Writer Ed Brubaker
Artist Mitch Breitweiser
Colors Bettie Breitweiser
Letters VC’s Joe Caramagna
Cover Art Daniel Acuña
As part of Marvel’s .1 initiative (a series of issues which serve as jumping on points for new readers), we get Captain America #615.1. But instead of focusing on the current Captain America, James Buchanan “Bucky” Barnes”we instead turn our attention to the original Cap, Steve Rogers: Super Soldier.
For this .1 issue, we learn of a new man who has been given enhanced abilities, David Rickford, who has donned the original Captain America costume. Following Rickford, Steve finds that he’s been kidnapped by AIM scientists who intend to turn him into a MODOK. Steve saves the day, but tells Rickford to abandon the identity before he’s killed, and insists he’ll have him arrested for reckless endangerment if he doesn’t listen. The issue ends with Sharon Carter learning the the man who gave Rickford his powers, The Power Broker, was actually Nick Fury in disguise, who aims to prove to Rogers that he’s the only person capable of being Captain America, while Sharon reluctantly agrees not to reveal to Steve what Nick has done, because deep down she knows he’s right. The issue ends with Rogers looking at Bucky’s Captain America costume, seemingly in deep thought regarding Nick’s idea.
This absolutely cannot happen.
Let’s take a look at why this is a horribly out of character decision. First off, as Steve points out, there have been several men who have been Captain America throughout history. Before Steve was found frozen in ice, there were at least 4 different iterations of Captain America, if not more. During a popular 80s storyline, Steve decided that he couldn’t be Captain America anymore as he was expected to be a government lackey, and instead became The Captain. A new Captain America was chosen, Johnny Walker, who was more in line with what the government wanted; however, Walker snapped under the pressure and became increasingly violent, leading Steve to fight back and reclaim the costume. Recently and most notably, Bucky took over in Steve’s absence and has been Captain America for the past several years, proving himself to be worthy of the shield in his own right.
For decades, Steve Rogers has been insistent that Captain America is NOT a man, but an ideal; the hopes and dreams and wishes of not just America, but the entire world, given a name and a face. By the premise of the issue, this is all a lie: all those who were Captain America were not worthy successors, and the entirety of the identity’s regard lies solely within Steve Rogers. To have Steve agree with this would be a horrible character misstep; given his past history and beliefs of the costume, Steve should rebel if anything, going out of his way to insist and prove that he is merely a man, and the notion of Captain America is something bigger than him.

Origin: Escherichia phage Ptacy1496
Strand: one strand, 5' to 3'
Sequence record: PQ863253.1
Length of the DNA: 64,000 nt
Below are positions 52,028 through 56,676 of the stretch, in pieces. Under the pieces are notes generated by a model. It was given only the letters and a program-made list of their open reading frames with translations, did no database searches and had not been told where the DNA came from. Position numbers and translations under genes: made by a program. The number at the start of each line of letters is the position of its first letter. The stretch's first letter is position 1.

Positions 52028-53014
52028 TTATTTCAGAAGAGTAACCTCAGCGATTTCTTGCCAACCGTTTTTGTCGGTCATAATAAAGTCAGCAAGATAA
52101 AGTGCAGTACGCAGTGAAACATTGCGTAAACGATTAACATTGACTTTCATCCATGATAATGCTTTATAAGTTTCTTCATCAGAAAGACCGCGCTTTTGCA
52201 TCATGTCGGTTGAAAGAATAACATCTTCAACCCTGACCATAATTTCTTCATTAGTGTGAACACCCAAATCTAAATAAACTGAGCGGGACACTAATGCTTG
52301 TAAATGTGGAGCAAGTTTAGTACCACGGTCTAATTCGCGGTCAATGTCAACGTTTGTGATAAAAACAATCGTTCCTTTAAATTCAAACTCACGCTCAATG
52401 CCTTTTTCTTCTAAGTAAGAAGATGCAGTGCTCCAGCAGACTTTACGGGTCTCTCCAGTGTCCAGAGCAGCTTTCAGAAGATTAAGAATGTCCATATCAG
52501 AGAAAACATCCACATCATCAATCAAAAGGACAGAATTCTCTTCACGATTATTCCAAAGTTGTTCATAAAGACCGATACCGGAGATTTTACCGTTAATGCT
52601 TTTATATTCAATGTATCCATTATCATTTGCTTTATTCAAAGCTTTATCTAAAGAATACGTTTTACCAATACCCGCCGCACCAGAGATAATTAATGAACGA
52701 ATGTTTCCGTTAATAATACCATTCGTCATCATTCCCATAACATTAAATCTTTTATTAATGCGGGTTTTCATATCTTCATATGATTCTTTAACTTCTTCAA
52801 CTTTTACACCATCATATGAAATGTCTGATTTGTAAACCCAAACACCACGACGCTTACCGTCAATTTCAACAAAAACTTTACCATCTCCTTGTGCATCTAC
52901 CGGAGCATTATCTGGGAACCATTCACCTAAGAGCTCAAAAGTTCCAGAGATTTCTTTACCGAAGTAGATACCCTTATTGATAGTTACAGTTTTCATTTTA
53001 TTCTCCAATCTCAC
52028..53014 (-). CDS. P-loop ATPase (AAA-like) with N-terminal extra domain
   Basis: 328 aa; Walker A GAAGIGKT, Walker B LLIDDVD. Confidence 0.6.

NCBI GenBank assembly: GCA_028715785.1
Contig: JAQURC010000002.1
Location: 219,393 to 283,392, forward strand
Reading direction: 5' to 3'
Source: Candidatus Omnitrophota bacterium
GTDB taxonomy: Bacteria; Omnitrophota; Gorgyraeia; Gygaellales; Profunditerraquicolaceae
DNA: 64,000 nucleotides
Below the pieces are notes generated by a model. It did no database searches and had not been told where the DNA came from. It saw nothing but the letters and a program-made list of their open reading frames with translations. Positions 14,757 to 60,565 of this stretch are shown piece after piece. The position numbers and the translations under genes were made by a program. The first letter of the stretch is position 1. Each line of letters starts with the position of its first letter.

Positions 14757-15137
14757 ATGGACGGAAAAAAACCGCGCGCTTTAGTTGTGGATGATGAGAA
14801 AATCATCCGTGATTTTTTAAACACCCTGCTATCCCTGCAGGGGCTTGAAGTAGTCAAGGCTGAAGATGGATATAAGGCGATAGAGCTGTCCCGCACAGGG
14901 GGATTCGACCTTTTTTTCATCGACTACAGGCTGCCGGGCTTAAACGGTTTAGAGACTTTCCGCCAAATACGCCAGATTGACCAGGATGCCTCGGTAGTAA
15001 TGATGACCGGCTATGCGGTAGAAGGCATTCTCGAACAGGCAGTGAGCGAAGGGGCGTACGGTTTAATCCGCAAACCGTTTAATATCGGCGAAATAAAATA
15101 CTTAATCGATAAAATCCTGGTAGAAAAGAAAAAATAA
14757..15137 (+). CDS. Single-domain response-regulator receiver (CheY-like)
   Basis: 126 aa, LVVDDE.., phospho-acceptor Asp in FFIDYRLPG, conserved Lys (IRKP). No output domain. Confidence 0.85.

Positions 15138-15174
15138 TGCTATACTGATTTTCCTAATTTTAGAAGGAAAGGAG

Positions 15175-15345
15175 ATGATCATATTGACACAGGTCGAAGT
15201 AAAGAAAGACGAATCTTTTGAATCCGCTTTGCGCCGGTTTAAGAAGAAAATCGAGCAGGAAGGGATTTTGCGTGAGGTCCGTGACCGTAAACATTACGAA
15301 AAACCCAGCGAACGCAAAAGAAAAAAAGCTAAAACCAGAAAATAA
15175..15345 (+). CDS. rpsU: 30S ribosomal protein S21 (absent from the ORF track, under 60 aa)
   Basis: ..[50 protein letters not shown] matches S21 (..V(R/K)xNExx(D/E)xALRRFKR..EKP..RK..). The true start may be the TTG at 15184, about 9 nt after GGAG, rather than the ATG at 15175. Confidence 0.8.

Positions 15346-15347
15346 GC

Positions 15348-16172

What’s even worse is that throughout the course of this issue, we come to realize…Nick Fury is entirely wrong. David Rickford’s brief stint as Captain America ended on so many similar terms to other premiere legacy heroes: with Rickford being shut down by a far more established hero and forced out of his costume. We saw that Rickford was holding his own against common thugs, and was even capable of utilizing the shield; something that we learned after Civil War very few people were capable of doing (in fact, if I recall correctly, the only people to successfully throw the shield, let alone catch it, were Clint Barton and Bucky), putting him leagues above several of even Steve’s comrades. With his strong military background, all Rickford was lacking is training and guidance; something Steve could have easily given him rather than shut him down. Hell, given his prowess with the identity so far, who’s to say even Nick couldn’t have prepared him? As Fury insists that Steve Rogers is the only man capable of being Captain America, here is a man of similar background and motivation who is already at a high level of training and preparation, who only needs more experience and a guiding hand.
This book may serve as a jumping on point for new readers, but for fans of the character it feels like a slap in the face, a quick attempt to wedge a retcon into the notion of the character. Unfortunately, it’s likely that we’re about to see Steve forced back into the Captain America costume under such a notion, as Marvel lines up for the upcoming release of Captain America: The First Avenger this July. It’s a shame too; this book only serves to establish that the upcoming story could very well undermine everything Captain America has stood for so far.